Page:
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The BER is the average number of errors that would occur in a sequence of $n$ bits. When $n = 1$, we can think of the BER as the probability that any given bit will be received in error. Basically, it lies between 0 and 1 --

  • when BER = 0, we can say no error in the received bits.
  • If at least one error is seen, we can say with 100 percent certainty that the BER is definitely not zero.
  • as long as at least one bit was successfully received, we can state that the BER is most definitely less than 1.

When we measure the performance of a digital communication system with and without equalization, with that of the theoretical BER for a particular kind of modulation, we prefer the simulation to be exact match with the theoretical. My Questions are :

(1) Is theoretical BER the upper or lower performance bound?

(2) Is it desired that the BER tends to zero? Is it reasonable to say that since this may not happen in real communication, so there is always a quest to come up with an equalizer designed with an objective that the BER tends to zero?

(3) What if the simulation curve with and without equalizer falls below the theoretical? What can be said about the equalization method playing a role and if it is desired that the simulation curve - with and without equalizer is below the theoretical.

(4) What can be said about performance of the system with and without equalizer if the simulated BER is above the theoretical?

(5) Does an equalizer essentially help to improve the BER? By improving -how much improvement is desired? Tradeoff? Do we wish the simulated curve to be an exact match to the theoretical and then say that the equalizer is functioning properly in removing intersymbol interference and noise?

ber

What is the interpretation for the bit error performance?

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  • $\begingroup$ Are you comparing simulation, with and without equalizer, to theory, also with and without equalizer? If not, then please clarify what you're trying to compare. $\endgroup$ – MBaz Oct 28 '15 at 0:40
  • $\begingroup$ Clarified the Question. Would prefer answers for with and without equalizer case $\endgroup$ – Ria George Oct 28 '15 at 0:49
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Note: usually, the "theoretical BER" is called $P(e)$, the probability of bit error (sometimes with other symbols, like $P_b$). A rate implies experiment; the probability implies theory.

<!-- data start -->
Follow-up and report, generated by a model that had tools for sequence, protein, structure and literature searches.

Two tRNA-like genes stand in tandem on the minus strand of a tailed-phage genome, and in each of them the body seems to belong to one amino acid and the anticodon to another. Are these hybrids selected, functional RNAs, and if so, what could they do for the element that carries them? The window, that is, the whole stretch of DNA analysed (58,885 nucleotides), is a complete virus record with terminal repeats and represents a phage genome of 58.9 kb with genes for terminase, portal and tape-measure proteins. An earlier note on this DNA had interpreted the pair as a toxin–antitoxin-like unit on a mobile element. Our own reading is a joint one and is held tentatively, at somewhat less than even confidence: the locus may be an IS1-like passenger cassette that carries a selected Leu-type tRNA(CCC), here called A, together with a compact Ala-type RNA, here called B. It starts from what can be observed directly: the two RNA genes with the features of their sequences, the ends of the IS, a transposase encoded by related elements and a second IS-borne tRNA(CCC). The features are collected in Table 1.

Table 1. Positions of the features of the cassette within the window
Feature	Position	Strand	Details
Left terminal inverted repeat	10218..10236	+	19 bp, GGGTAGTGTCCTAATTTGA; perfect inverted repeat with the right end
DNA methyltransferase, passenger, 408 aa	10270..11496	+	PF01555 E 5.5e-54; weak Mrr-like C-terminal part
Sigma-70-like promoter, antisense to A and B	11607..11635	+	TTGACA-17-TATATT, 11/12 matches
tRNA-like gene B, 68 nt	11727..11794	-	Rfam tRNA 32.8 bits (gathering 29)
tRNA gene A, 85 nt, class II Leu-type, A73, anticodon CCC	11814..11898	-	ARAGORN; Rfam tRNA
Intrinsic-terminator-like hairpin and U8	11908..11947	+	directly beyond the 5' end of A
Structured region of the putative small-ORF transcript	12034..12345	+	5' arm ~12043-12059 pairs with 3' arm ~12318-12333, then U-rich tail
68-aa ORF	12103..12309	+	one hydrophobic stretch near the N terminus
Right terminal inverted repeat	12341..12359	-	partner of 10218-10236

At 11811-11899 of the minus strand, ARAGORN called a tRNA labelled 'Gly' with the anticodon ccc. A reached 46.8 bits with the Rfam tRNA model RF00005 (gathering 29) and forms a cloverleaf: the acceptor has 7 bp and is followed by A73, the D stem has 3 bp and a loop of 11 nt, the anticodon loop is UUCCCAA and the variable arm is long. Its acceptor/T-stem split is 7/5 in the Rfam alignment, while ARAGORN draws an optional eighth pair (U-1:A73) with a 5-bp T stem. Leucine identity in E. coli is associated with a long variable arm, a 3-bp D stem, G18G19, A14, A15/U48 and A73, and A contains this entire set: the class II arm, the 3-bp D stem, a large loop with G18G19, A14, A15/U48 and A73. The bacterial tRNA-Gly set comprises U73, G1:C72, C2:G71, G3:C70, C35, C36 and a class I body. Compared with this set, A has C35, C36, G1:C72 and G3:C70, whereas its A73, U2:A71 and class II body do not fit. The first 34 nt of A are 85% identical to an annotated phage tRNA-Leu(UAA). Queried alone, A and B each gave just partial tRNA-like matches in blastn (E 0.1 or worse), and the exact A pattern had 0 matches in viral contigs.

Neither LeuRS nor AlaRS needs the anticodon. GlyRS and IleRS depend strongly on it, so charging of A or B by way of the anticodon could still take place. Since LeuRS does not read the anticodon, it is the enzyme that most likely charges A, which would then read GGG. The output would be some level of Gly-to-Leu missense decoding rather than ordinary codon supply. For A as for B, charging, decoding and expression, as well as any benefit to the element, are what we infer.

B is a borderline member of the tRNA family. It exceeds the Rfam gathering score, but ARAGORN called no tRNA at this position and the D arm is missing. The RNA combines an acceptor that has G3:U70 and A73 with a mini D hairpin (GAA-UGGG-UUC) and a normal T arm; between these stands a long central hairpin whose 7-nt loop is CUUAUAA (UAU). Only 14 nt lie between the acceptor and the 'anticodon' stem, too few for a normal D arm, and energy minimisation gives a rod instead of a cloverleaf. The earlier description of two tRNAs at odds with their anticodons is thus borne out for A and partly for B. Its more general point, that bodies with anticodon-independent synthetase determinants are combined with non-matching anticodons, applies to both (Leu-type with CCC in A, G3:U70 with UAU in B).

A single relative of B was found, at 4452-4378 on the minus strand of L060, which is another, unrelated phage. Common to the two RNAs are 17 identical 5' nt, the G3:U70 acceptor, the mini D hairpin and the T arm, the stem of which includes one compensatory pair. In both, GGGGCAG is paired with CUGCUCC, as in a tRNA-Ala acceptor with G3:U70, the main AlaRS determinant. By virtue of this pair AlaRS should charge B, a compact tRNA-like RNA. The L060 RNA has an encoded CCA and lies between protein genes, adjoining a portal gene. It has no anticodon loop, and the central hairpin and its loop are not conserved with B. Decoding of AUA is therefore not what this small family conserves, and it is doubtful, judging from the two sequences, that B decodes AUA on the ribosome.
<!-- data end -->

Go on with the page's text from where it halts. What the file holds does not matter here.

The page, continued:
1) $P(e)$ is a lower bound for the BER: since practice is messier than theory, the BER will be higher than $P(e)$ (assuming the theory is correct; that is, that it models reality properly).

2) I'm not sure I understand the question. We always want $P(e)$ to be as low as possible, but it is ultimately bounded by the channel capacity.

3) If by "below the theoretical" you mean "better than $P(e)$", I'd say something is wrong with your simulation or your assumptions.

4 and 5) You use an equalizer when you have a wideband channel with intersymbol interference. Such a system will always have worse BER than a narrowband channel. The equalizer tries to eliminate the ISI; if the equalizer is perfect, the BER of the wideband system will be the same as that of a narrowband channel, assuming equal $E_b/N_0$. In practice, the equalizer will not be perfect. In this case, theory can help predict the equalizer's performance, and how much BER improvement to expect.

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  • $\begingroup$ Thank you for your reply. I have got a graph for BER vs SNR and would appreciate your help in telling me what can be inferred about the performance of the equalizer looking at the simulated ber curve. The simulated curve has ber = 0 at high snr and so taking the log gives -infinity. Thus, there are no values at those points. Is it desired that the simulate BER curve has a smooth profile and does not end at a high bit error rate value in the log scale even though none of the bits are in error at high snr? $\endgroup$ – Ria George Oct 29 '15 at 19:58
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    $\begingroup$ If the BER is zero, it means you're not simulating a large enough number of bits. If you expect, say, a BER of around $10^{-6}$, you should simulate transmission of at least 100 million bits or so. $\endgroup$ – MBaz Oct 29 '15 at 20:54

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